"It's unfortunate that they are in same class. In a perfect world it would be nice if one of those guys were a year ahead or behind the other, but I think they are going to compete this year. It's not exclusively at a center position. In our system our two forwards are forwards, we don't necessarily have a four and a five. And our wings are relatively the same. There isn't a lot of difference offensively in a two or a three. We'll play with a point guard, two wings and two posts so for me we're going to find the best two bigs we got and play them to start the game."

Would Calvin be considered a big this year?
"I hope Calvin can play a little of both, but we've got to do is find the most effective place he can play. Where can he be the best? I'd love to say before a practice ever happens that I know already where that is. The reality is I don't. We'll have to figure that out a little bit as we go with him."

How has C.J. Williams' leadership been?
"I think C.J. Williams and Alex Johnson, those two seniors, have done a nice job so far. You have to remember we're about to start practice and things are going to change in their world after this weekend. So far, I think those two guys have done a nice job."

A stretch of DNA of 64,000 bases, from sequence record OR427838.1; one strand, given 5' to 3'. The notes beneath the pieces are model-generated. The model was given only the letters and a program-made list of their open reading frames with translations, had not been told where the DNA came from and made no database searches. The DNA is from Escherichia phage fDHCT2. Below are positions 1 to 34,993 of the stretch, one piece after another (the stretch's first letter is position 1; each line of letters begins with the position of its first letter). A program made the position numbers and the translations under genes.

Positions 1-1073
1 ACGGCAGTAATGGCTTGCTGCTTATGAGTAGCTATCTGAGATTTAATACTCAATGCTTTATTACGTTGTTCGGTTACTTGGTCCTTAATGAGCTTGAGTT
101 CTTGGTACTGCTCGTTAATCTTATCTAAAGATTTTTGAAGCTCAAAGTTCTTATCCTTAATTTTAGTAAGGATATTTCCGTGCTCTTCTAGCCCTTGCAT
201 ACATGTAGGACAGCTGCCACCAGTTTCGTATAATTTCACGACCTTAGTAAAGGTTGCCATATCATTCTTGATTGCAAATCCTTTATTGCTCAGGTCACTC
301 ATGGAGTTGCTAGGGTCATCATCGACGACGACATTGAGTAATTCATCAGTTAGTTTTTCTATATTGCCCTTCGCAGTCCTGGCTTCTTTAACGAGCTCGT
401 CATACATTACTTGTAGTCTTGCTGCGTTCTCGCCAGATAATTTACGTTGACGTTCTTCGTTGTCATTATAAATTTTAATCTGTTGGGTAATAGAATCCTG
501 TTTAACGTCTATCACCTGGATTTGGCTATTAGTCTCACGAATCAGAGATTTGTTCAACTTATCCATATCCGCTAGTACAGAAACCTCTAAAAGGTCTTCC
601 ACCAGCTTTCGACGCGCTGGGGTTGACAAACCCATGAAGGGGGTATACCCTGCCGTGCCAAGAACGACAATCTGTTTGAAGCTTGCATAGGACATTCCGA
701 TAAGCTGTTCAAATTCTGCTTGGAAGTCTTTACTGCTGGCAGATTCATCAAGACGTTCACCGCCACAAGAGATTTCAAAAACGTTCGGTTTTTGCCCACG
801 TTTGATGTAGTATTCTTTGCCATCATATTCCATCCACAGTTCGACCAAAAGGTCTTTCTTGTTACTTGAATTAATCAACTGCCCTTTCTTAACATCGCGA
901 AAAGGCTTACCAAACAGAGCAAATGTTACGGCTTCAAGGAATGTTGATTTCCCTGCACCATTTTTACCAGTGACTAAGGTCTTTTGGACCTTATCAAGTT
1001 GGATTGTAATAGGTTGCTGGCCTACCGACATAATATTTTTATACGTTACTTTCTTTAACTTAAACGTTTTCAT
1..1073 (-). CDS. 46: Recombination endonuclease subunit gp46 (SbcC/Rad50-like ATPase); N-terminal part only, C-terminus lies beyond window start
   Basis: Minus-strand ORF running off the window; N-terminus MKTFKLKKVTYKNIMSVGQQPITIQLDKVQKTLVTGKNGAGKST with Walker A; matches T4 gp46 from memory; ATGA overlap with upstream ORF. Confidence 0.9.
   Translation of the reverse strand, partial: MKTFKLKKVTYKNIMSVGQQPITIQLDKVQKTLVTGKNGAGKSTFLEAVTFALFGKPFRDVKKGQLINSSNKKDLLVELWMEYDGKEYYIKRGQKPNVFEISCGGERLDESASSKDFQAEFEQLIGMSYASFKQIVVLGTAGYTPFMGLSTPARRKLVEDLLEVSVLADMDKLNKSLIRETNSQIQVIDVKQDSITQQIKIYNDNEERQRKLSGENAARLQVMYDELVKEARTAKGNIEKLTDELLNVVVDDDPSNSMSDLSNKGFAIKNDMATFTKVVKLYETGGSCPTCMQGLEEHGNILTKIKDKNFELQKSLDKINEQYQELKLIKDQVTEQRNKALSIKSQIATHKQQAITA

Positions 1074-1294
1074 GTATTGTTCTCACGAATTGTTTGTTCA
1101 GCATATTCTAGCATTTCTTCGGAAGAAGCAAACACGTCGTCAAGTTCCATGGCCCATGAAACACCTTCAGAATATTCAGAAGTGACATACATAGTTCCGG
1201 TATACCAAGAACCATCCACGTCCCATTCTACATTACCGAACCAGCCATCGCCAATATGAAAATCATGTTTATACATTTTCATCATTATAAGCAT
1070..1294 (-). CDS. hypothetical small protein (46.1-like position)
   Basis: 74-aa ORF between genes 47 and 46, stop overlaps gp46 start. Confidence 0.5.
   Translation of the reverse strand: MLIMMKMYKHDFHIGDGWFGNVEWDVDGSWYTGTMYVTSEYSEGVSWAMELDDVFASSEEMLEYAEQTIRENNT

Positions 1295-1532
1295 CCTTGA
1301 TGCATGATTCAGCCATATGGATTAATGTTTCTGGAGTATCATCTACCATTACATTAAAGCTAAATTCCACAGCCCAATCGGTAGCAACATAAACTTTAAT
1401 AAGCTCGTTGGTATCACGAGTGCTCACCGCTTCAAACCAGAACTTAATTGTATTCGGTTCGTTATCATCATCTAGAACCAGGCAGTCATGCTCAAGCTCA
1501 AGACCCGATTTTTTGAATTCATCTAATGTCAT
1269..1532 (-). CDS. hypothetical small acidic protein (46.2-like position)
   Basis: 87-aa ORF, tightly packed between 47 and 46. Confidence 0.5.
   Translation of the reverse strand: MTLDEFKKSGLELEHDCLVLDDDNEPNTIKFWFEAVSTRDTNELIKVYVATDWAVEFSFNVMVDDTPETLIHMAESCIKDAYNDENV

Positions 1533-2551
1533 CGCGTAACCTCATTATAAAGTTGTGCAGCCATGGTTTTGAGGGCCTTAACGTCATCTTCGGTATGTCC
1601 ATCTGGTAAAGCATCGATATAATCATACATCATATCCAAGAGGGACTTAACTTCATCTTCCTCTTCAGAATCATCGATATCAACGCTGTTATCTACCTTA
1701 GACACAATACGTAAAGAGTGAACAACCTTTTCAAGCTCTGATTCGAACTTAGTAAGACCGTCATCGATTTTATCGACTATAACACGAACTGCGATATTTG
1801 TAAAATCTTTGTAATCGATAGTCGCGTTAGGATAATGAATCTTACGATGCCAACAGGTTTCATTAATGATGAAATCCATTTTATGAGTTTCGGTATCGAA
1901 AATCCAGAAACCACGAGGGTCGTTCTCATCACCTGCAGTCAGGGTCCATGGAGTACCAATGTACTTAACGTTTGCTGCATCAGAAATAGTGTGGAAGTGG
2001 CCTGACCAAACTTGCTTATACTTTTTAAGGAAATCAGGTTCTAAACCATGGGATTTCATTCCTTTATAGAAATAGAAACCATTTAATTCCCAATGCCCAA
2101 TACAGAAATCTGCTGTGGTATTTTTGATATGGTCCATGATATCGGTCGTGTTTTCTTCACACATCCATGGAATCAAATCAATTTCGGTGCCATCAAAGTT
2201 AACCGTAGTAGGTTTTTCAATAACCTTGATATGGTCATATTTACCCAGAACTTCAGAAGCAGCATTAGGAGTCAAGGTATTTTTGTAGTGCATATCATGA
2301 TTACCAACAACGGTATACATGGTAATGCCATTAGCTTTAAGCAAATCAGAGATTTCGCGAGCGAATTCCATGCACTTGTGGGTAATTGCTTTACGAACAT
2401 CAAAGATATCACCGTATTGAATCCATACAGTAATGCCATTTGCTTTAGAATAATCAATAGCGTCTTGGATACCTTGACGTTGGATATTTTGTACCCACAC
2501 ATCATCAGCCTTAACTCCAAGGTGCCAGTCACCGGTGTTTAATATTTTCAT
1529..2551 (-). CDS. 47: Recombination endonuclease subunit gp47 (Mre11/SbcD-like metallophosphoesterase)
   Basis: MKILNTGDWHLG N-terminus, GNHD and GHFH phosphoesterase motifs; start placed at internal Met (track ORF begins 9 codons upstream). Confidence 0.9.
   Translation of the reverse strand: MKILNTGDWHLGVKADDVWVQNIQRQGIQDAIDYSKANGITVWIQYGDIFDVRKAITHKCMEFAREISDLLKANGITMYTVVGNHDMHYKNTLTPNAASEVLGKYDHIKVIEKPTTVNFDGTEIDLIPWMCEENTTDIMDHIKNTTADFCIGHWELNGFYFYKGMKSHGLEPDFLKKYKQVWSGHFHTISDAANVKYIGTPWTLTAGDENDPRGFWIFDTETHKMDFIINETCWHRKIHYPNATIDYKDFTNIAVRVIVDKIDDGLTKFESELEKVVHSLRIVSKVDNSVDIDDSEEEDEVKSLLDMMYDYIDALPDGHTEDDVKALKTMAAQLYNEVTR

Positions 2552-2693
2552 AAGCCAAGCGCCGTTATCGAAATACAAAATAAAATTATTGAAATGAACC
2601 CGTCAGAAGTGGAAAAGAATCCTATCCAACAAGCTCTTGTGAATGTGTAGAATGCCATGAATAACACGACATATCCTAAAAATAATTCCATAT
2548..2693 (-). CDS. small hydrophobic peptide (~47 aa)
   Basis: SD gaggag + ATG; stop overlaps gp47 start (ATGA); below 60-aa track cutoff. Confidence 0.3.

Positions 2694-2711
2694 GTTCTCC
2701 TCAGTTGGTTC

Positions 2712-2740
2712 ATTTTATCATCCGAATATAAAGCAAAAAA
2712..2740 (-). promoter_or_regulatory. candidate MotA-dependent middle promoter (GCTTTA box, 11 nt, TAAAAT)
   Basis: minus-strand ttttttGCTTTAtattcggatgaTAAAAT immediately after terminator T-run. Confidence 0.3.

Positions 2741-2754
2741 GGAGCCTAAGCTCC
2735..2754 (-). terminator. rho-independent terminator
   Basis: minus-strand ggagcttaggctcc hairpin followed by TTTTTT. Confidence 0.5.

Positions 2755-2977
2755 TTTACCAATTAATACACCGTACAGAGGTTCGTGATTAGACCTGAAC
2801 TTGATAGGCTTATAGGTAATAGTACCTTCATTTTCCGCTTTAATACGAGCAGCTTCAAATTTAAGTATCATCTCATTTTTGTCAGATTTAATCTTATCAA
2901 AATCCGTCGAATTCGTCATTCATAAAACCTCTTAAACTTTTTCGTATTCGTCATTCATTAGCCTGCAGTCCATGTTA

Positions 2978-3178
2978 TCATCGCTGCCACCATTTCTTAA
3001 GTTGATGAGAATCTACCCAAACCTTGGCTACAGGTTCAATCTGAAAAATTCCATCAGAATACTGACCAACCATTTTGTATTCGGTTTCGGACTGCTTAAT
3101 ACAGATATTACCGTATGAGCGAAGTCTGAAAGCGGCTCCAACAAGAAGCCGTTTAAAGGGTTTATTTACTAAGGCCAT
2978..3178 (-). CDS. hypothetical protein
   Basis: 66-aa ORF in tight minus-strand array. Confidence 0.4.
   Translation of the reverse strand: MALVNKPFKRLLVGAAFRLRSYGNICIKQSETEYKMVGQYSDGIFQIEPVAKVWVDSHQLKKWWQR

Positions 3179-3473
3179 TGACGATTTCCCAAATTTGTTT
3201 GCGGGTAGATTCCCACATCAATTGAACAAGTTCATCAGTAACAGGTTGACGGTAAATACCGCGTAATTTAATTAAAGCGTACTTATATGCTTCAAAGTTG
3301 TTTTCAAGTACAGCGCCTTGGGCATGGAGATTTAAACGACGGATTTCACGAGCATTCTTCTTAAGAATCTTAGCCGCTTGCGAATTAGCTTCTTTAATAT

Who is the better shooter? You in your day or Scott Wood?
"No question, I always tell him he's the second best shooter in the gym."

Bobby Lutz and Coach Early, how do you define their roles with you out there on the practice court?
"Bobby Lutz has tremendous experience as a head coach. What I love about Bobby is his willingness to become incorporated into a different system than his. Where I want Bobby to be good and where he's already been good is bring those things that we was, in my opinion, excellent at and then incorporate them into our system. He's going to make us better, without question. I'm not big on the titles, associate head coax, I've never been a big fan of all those things but he's that guy that's a little bit closer to me as far as those strategic things. Orlando Early has been a head coach as well, Rob Moxley is good, Jeff Dunlap. I've got a good staff, there is no question. They bring a lot of different things to the table."